Unless a dental procedure is very minor or the tooth being filled has no nerve it is very necessary to be numb before treatment.
Many people worry more about the injection than any other part of dental treatment. Will it hurt? Will it work? How long will it take for things to come back to normal?
While it is impossible to guarantee that nothing will be felt during an injection there are things which can be done to make the procedure as comfortable as possible.
Scary? It doesn’t need to be! Illustrated: An injection syringe with vibrator and some surface anaesthetic paste.
First, the needles used must be very sharp so that they glide almost imperceptibly through the skin rather than puncture a hole in it. This may sound obvious but just like anything else needles are made in different qualities. The more expensive ones tend to give better results.
The use of a surface anaesthetic paste before starting may be helpful in some areas of the mouth. Needles are designed for single patient use and while nowadays no dentist would consider re-using a needle on another patient in a situation where a single patient needs 2 or 3 injections on the same appointment it’s worth changing the needle each time as the point quickly dulls.
One of the things that can cause discomfort is the rush of cold liquid from the injection into the tissues. In the winter injection solution can become very cold indeed and warming it to about body temperature before injecting can greatly improve the experience.
Possibly the main reason for painful injections is injecting too quickly. This causes the delicate tissues to tear apart, sometimes resulting in bruising or swelling. The recommendation is to inject at a rate of a millilitre per minute. Since injection cartridges hold about 2 millilitres of solution that’s how long a painless injection should take: about 2 minutes. The more slowly the liquid goes in the less you will feel it.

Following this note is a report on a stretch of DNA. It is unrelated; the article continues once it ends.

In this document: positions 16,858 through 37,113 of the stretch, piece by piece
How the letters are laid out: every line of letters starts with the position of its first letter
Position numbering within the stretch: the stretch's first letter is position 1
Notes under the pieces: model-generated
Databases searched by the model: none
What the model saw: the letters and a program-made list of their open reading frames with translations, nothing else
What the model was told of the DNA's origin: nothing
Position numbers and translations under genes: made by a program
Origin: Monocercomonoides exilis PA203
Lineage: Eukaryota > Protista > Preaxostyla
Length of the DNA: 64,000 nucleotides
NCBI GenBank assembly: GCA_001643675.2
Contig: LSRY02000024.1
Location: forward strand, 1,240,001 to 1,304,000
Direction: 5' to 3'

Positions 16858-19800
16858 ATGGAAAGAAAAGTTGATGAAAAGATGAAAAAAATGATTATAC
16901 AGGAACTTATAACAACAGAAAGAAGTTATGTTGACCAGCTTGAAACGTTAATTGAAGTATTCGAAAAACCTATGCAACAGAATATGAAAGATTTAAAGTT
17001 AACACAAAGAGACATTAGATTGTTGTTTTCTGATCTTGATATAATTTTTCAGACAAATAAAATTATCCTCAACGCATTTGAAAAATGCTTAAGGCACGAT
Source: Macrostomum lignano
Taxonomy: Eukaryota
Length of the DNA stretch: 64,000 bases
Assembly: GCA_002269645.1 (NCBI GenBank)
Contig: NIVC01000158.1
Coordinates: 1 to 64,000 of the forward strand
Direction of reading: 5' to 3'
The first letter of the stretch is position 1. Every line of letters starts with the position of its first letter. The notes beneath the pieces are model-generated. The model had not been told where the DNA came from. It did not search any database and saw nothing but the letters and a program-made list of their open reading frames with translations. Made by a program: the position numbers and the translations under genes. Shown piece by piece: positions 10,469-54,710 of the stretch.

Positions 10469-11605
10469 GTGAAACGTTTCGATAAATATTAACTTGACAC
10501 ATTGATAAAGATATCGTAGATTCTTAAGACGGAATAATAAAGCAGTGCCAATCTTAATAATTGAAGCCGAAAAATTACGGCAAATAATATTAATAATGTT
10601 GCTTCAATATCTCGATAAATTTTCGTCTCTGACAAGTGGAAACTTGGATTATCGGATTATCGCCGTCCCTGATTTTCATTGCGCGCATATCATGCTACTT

Vibration confuses nerves so that they are less able to transmit pain signals. Fitting a simple vibrator to the injection syringe is yet another method that can result in the procedure becoming much more comfortable.
After the injection has been given it needs time to work. As a rule of thumb 2 minutes is about right for an upper tooth while lower teeth can take twice that long to go numb. It’s essential the clinician waits long enough before starting for the injection to work.
If a tooth really won’t go numb after one injection a second one will normally do the trick. This second injection will normally be completely painless as the skin it goes into will already be numb.
How long will it take for the injection to wear off? This depends on the type of chemical used, the position of the injection and variation among individuals but normally the skin will come back to normal after about 2-hours though some people stay numb for up to 6 hours. During this period great care needs to be taken to avoid biting the lips, tongue or cheeks or scalding them with hot drinks.
Giving comfortable injections is a skill that any clinician can learn but it does require time, patience and attention to detail. However, learning these techniques are of enormous benefit to the patients we serve.